To their credit, the port commission earlier this month unveiled a new plan to revitalize the Bellingham Shipping Terminal by envisioning the site as a “Foreign Trade Zone,” where cargo handlers might store goods without having to pay United States import duties and taxes. It sounds vaguely piratical, but at least it reveals some nimbleness of thought in how to employ Bellingham’s woefully under-utilized waterfront. However, that plan and the continued buildout of the industrial Marine Trades Center west of the waterway continue to be at odds (and in substantial conflict) with a vision of a revitalized post-industrial waterfront with dense commercial and residential amenities.
The port’s plan for the central waterfront remains upside down.
The master development agreement was conceived without the advice of a master developer. And the entire purpose of seeking an international master developer was to take advantage of their private working capital for expedited world-class outcomes. None of those things seem to be within the interest or abilities of Harcourt—now years late in the completion of the Granary Building, a project that should have been completed in no more than 18 months.
“At full build-out,” the port projected in 2013, “the Waterfront District is projected to have up to 6,500 new jobs and up to 5.3 million square feet of development.” Their claim was ludicrous overreach, but even smaller projects expected for completion by 2017 have not even begun. In milestones set by agreement with Harcourt, a second building on the site was supposed to be well underway at this point, with a third project set to begin no later than 2022.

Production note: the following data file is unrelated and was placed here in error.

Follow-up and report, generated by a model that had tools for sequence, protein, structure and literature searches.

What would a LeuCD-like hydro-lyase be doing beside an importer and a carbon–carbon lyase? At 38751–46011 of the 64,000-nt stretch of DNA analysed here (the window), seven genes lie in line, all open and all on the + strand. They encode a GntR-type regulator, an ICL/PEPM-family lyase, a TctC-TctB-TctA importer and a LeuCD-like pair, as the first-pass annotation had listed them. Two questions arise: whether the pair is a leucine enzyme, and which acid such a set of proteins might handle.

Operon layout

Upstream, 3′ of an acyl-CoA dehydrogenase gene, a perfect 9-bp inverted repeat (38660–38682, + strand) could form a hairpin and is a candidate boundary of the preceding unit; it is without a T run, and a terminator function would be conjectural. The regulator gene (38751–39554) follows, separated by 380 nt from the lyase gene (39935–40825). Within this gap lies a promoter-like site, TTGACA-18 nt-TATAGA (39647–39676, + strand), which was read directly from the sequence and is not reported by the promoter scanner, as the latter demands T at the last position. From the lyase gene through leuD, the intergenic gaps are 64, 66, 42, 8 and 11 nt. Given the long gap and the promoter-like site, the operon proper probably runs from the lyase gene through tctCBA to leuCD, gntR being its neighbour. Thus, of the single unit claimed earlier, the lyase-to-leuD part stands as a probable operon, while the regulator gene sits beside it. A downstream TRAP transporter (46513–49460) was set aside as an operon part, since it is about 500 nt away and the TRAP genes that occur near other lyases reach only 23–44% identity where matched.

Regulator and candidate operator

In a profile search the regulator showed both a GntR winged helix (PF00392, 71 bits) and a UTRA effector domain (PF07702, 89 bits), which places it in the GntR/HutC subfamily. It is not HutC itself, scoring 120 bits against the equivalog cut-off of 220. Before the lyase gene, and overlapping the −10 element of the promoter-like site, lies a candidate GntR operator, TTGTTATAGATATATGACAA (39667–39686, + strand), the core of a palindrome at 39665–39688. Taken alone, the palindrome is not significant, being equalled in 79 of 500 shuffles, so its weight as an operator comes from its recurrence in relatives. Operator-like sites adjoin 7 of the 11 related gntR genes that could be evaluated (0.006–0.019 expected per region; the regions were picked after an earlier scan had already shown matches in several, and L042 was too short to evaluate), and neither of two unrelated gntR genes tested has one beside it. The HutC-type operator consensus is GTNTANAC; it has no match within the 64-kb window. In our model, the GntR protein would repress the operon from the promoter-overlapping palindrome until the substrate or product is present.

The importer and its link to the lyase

The City of Bellingham has meanwhile met its near-horizon contractual obligations, cutting a major road into the site and completing a very attractive and serviceable public park. Any additional outlays on the city’s part would trap assets better spent elsewhere, in parts of the city that are bursting with development energy.
A division of the Western Washington University Planning & Resources Council—the Waterfront Ideation Team—recently threw up their hands in defeat that nothing whatever was in motion for a university presence on the waterfront, and their discussions were mostly wasted.
This turkey’s gone bad.
The time has arrived for a new plan—perhaps one that is synchronous with the soft levels of light industrial development and parkland already underway along Whatcom Waterway—but it may take effort to remove the hands of Harcourt from the current plan.
The commission has completely changed hands since the waterfront plan was first adopted, and City Council nearly so. Perhaps next year’s local elections will include renewed debate about the future of Bellingham’s underutilized waterfront.
UPDATE: The Gristle’s gloomy holiday prediction that little was likely to change on the city’s central waterfront in 2019 was challenged by the City of Bellingham. Harcourt Development’s proposed changes to the waterfront district sub-area plan were docketed and are scheduled to be presented to the Bellingham Planing Commission in late January.